I don't know how I feel about this one? So let's go on this ride together as I figure it out I feel things for the author and her journey but at the same time I'm so annoyed by her for so many reasons I don't even know where to begin First of all this is part memoir partdissertation about how people develop eating disorders? I guess? Which is weird because she went to school to get an MFA not any sort of medicalpsychology degree and yet here she is Telling Us What's WhatI think my biggest gripe with this book is the author shitting on other people who have written much better memoirs than hers She particularly feels the need to tear down Marya Hornbacher and Elizabeth Wurtzel who wrote two of the most successful revered books about mental illness that were super popular back in the late 90searly 2000s when this author was coming of age She blames Hornbacher for making girls anorexic and about Wurtzel she saysWhen I reread Prozac Nation at twenty five I was for lack of a less elouent phrase 'grossed out' by Elizabeth Wurtzel's self obsessionI mean says a woman writing a memoir about herself despite her own story being as basic as they come Because unlike some truly memorable authors who have written about their accounts with anorexia in fascinating insightful and gut wrenching ways this account is forgettable and yet she sees and writes about herself as some brilliant wunderkind who was the first person to head down this path and write about it Her story is as unremarkable and boring as they come for this 'genre' and it's mostly because she refuses to really talk about anything in detail lest she inspire a new generation of anorexic girls So you get her babbling on and on about going into various hospitals and shitting on everyone she ever met in treatment but you don't really get any depth or insight out of her so likewhy write this thing?The answer is because she has this brilliant idea that anorexia is a communicable disease that is not so much developed as some underlying pathology that is awakened when triggered by something including something cultural like a book or movie but rather that it's something any old person can get if they want it simply by reading books about it ???? Again she's not any kind of doctor psychologist or medical professional and she clearly has done zero actual research into this aside from reading and pulling uotes from a few articles in the same way I used to pull uotes from books when writing papers in college picking and choosing what best fit my argument even if they didn't really fit it out of context So how can she just make these claims? Oh because for HER they're true In HER story she was a 14 year old girl who was unsatisfied with her body and so she sought out books about eating disorders to use as guides eventually helping her develop a full blown disorder of her own So because this is how things were for her according to her book this is the case for everyone in the world #SCIENCE While I do think there are many instances of people with eating disorders who are inspired by material they see actual research has shown that a majority of these people were eating disordered to begin with and naturally gravitate toward these either because they seek them out out of curiosity and want to know or because they happen to catch something in a magazine on TV in health class and find themselves mesmerized and wanting because they recognize themselves in it in some way I absolutely agree with the author's point that people learn tricks and tips from memoirs and TV movies In addition to Marya Hornbacher the author makes references to Kessa Lori Gottlieb For the Love of Nancy and many others you'd recognize from the ED lexicon if you've ever suffered from a disorder But I think in many cases people aren't seeking these things out SOLEY to learn tricks and tips If anything they seek out memoirs and TV movies and novels about eating disorders because they finally find something they can relate to and this kind of media can make them feel like someone out there understands Through this yes it's easy to pick up on habits as well but I think it's suuuuuuuuper rare that someone with no predisposition for anorexia would randomly be like I wanna be anorexic and go out and buy a bunch of memoirs to learn tricks that take her from fully healthy to someone with a full blown mental illness There are absolutely people who want to be anorexic but unless they have those underlying personality traits that predispose them to the disorder they're not going to be successful in getting anorexia because anorexia simply isn't something you get no matter how this author tries to convince us otherwiseI actually picked up this book out of curiosity because it sounded like the author and I had a creepy amount of things in common We're the same age from small New England towns we were both morbidly fascinated with and terrified of the world ending in 2000 we both found Kessa at a young age me to the point where I had an altar ego Ren who was my best little girl self lol we both went to Columbia we were treated at some of the same places and now we're both writers who live in Brooklyn I tend to love picking up books where I can find pieces of myself in the author because even if our journeys aren't identical I still feel like I am connected with him or her and that's what I thought this would be in the same way I connected with Unbearable Lightness and back in the day the way I connected with Kessa But instead I found myself learning almost nothing personal about the author besides these basic facts as she brought zero insight or understanding into her own personal journey as she attempted to turn her story into an example for some greater point she was trying to make but failed to And on top of that I had a hard time staying interested because every other flaw aside the flow of this book is so disjointed and jarring one minute you're watching her list everyone she's ever met with anorexia trying to use their stories to fit her thesis a minute later you're reading a rant about why Elizabeth Wurtzel sucks and then after that you're getting a bare bones narrative about her time in treatment It's just bizarre and doesn't work as a book A series of blogs maybe but having read this I would have zero desire to check that blog out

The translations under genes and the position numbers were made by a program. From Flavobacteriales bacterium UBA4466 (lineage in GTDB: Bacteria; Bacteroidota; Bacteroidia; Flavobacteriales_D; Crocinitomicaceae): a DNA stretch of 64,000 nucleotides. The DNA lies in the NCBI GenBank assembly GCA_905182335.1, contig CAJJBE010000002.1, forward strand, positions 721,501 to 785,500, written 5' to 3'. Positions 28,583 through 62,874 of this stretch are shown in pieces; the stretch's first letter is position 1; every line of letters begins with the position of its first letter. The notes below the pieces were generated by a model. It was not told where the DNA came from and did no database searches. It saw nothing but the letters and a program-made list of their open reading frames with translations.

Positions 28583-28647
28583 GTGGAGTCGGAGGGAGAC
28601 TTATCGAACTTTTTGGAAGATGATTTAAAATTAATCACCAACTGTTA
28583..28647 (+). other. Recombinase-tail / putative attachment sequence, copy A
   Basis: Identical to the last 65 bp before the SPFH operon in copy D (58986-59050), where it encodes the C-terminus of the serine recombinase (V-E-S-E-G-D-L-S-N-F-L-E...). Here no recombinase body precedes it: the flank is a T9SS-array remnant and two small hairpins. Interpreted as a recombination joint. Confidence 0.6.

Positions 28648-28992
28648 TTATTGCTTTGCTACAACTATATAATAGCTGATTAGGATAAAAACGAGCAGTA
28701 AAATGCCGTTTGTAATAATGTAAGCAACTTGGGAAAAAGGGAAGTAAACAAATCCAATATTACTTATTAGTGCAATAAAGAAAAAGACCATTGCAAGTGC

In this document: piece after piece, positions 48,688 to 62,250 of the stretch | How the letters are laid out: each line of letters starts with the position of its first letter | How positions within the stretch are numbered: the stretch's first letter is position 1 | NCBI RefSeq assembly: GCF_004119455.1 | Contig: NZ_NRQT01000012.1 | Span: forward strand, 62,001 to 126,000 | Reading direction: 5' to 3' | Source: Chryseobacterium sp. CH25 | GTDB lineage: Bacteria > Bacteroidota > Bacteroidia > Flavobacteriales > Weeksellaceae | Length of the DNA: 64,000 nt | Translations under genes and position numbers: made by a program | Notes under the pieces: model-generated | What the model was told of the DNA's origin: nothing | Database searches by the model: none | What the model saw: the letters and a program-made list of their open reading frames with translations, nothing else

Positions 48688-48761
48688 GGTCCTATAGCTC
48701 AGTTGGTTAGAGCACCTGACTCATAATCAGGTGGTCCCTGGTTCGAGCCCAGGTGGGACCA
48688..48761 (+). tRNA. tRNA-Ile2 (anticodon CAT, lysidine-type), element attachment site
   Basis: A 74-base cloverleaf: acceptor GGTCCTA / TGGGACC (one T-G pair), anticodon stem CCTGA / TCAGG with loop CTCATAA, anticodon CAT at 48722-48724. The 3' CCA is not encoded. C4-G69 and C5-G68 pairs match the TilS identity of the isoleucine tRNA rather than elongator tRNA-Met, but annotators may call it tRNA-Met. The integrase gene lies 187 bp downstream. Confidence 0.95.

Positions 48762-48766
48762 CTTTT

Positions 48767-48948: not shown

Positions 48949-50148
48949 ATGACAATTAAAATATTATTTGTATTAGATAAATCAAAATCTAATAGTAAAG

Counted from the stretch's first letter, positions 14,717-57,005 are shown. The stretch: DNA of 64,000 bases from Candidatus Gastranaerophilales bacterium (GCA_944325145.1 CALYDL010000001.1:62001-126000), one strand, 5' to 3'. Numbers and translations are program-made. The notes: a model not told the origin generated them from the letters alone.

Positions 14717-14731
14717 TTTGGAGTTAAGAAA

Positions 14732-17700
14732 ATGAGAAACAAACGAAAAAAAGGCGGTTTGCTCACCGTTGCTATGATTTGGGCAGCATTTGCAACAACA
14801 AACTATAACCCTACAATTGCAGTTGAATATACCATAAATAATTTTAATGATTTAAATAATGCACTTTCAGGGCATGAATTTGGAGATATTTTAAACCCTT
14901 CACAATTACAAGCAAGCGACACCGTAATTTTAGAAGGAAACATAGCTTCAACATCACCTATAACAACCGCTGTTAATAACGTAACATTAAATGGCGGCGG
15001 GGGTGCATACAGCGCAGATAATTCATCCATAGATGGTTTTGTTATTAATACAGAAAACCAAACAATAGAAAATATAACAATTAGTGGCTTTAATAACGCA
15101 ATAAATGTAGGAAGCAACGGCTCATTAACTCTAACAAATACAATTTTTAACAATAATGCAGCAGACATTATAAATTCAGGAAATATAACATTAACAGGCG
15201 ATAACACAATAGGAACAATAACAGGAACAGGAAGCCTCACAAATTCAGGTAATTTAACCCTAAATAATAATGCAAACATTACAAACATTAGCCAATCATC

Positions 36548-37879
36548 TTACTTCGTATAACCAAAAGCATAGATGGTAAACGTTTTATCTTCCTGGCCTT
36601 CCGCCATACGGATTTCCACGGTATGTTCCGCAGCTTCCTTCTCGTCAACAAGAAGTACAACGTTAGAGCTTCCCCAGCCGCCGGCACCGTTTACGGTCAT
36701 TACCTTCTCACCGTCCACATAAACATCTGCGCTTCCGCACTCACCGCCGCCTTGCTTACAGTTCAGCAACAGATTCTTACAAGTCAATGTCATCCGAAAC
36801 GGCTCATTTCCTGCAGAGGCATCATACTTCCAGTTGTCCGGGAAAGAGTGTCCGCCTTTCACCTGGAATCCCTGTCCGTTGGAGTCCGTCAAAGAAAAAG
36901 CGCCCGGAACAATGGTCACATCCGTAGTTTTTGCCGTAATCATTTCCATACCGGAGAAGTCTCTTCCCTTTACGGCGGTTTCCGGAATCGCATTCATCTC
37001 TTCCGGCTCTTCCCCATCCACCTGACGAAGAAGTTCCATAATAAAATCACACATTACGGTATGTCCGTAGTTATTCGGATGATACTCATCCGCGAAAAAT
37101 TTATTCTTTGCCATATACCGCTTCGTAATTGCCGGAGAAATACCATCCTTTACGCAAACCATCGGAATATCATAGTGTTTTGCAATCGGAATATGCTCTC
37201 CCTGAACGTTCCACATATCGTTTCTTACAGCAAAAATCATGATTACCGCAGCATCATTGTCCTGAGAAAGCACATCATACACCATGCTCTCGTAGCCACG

8. says: